[i] The original name of the island was “Buglas” and in some sources “Pinglas”.

[ii] Rodriguez, Esteban,  Relacion muycircunstanciada de la navegacion que hizo el Armada de S.M. a cargo del General Miguel Lopez de Legaspe desde21 nogiembre de 1564…hasta su llegada a la isla de Zebu, ed. De Manuel Valdemoro. Madrid 1947 as cited in Cuesta, Angel Martinez, History of Negros, Manila, 1980, p.27

[iii] Cuesta, p.28.

[iv] Encomienderos were in charge of the Encomiendas, which were territorries temporarilu assigned to deserving Spanish soldier primarily for the collection of tribute…There were fifteen encomienderos in 1571. See Catalogo de los Documentos Relativos a las Islas Filipinad Existente en el Archivo de Indias de Sevilla ( precidido de una Historica General de Filipinas: Pedro Torres, Tomo 2, Barcelona 1968, p. xvi.

[v] Cuesta cited this from Mateos, F. La Collection Pastells de documentos sobre America y Felipinas, in Revisita Indios, VIII (Madrid 1947) p. 7-52.

[vi] Joaquin Martinez de Zuniga, Estadismo de las Islas Filipinas ( Tomo II, Madrid: 1898) p.88. ( Unauthorized translation by Juan Mesquida)

[viii] The reason for recommending the division as well as the justification by the authority cited by Romero, 40-42 and Rodriguez, 22-31 is found in Experdientes de Negros.  Bundle I, Legajo no.4 and Ereccion de Pueblo. Isla de Negros Leg.109, No. 38 of the National Archives in Manila.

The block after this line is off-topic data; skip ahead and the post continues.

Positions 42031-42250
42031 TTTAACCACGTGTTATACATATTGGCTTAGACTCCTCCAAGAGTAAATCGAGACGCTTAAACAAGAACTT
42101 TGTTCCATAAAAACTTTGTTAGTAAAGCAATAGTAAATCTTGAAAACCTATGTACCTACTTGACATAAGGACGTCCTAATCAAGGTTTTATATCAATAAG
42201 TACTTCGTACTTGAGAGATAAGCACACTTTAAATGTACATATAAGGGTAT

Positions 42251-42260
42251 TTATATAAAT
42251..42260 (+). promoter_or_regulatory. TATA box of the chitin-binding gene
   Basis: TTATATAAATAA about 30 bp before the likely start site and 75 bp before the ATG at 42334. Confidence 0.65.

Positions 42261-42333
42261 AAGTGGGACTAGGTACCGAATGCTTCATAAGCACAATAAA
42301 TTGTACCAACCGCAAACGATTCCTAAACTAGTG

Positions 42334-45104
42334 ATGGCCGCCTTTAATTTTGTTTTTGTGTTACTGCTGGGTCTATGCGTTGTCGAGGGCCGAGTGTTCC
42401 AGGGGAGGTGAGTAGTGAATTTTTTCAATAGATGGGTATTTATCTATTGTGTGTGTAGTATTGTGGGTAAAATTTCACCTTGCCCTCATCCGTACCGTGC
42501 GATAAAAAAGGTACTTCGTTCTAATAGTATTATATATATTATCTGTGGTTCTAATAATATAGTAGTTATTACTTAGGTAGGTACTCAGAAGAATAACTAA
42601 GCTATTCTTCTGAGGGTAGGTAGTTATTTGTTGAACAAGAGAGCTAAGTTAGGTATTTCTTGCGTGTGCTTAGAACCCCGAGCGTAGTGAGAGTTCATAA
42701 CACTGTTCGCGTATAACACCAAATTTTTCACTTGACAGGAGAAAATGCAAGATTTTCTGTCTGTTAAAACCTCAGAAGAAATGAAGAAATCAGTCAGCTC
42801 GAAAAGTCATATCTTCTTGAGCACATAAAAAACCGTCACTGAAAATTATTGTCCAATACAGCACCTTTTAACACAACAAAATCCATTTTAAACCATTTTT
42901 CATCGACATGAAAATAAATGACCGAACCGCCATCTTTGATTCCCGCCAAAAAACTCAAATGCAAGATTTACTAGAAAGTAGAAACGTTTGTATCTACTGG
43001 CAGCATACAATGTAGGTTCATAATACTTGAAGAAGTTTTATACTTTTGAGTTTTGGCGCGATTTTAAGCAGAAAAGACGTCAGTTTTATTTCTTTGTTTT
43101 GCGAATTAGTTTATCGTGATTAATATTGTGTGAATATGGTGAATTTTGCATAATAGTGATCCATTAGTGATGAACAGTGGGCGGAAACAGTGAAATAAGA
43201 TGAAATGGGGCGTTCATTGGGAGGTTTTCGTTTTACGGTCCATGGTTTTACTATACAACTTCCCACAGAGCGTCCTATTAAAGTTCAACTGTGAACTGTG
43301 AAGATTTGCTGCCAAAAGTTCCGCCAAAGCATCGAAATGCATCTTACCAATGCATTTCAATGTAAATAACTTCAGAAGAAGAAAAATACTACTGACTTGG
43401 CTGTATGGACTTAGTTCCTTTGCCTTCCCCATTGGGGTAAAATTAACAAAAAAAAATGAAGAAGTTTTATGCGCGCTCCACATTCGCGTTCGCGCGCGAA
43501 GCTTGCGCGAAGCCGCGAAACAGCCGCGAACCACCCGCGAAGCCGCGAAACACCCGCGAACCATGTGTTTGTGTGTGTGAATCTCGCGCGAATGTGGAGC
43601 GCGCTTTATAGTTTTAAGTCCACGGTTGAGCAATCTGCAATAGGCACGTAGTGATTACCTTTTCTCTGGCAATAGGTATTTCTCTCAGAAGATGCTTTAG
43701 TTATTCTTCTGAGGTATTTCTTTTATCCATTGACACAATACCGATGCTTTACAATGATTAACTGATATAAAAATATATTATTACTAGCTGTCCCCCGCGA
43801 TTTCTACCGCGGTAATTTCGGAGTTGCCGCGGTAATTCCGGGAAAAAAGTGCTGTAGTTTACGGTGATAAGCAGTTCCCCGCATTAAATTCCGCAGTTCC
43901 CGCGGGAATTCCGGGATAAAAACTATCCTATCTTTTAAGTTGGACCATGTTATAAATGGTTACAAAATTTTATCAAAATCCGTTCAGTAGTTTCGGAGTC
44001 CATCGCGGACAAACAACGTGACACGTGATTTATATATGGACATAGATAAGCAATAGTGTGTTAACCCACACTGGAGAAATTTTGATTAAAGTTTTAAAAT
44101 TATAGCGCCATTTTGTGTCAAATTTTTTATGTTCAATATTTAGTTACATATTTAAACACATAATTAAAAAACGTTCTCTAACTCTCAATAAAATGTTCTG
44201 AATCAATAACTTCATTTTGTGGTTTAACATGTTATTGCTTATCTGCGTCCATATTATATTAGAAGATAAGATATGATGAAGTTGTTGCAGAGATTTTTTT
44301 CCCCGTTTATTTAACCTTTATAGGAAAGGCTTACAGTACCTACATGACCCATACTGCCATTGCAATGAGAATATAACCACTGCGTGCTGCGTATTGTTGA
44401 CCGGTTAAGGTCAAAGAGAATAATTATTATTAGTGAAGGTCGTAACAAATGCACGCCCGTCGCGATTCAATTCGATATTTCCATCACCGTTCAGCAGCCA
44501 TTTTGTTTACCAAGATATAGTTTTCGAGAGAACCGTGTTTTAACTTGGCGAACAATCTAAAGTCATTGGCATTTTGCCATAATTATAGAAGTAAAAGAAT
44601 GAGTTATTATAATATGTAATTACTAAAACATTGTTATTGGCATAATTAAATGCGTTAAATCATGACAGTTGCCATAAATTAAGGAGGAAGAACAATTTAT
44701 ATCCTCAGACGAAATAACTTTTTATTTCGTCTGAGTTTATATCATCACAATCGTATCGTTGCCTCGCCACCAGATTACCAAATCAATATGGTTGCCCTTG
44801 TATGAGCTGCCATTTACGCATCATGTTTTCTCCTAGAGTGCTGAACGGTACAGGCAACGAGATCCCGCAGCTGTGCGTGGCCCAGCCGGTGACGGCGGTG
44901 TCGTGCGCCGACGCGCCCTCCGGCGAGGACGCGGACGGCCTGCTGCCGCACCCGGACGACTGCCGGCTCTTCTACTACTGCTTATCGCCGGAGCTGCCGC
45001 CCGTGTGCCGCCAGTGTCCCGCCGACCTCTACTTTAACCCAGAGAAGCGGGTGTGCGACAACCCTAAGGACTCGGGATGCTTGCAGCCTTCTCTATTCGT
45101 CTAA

[ix] Rodriguez, 23 citing Memorias de Negros Oriental, 1892, p395b.

[x] This seems to be too late as the Revolution against Spain ended in the Mock battle of Manila in August of 1898.

[xi] A vivid description of the March is found in Rodriguez, 88-95.

[xii] Initially, the Oriental leaders objected to the plan and stressed their loyalty to the Malolos Republic but the persuasive power of Gen. Araneta and the other practical reasons led the Oriental leaders to accede to the plan by sending representatives to the Congress of Deputies and the raising of the American Flag.  See Romero, 134-160 and  Rodriguez; 135-161.

[xiii] Gen. Order no. 30 was issued on July 22, 1899.  This Order negated and disabled the powers of the Cantonal Government and stressed that an appointed American Military Governor has the absolute veto powers and would co-exist with a publicly elected Native Civil Governor and an advisory council.  See Romero, 152-153 and Marion Wilcox, (ed.) Harper’s History of the war in the Philippines (New York: 1900) pp.232-233.

[xiv] These were the unified forces of Abcede and Mata, Gen, Wendel Fertig’s Mindanao Visayas Force through Col. Placedo Ausejo, and Col. Gabriel Gador’s Negros Island Force.

[xv] Victoria, Virgilio de la. A History of the Resistance Movement Against the Japanese Imperial Forces in Negros Island 1942 – 1945.” (Unpublished Thesis, University of San Carlos, Cebu City, 1971) 180. Also cited by Rodriguez, 83.

[xvi] Emphasis mine.

[xvii] Silliman, Robert, Pocket of resistance. (Manila: Cesar J. Amigo, 1980) p. 200

[xviii] From a paper entitled “One Region One Island” submitted by Don Paolo Teves based on his interview on former Vice Governor of Negros Oriental Edgar Teves as a requirement of the course History 79.

[xix] Michel Foucault. “Nietzche, Genealogy, History.” Language, Counter-Memory, Practice: Selected Essays and Interviews. Trans by. Donald F. Bouchard and Sherry Simon. (Ithaca: Cornell University Press, 1977)  151.

[xx] Earl Jude Cleope. “The Negros Millenarian Movements.” Silliman Journal vol. 42 no. 2, (Silliman University, 2002)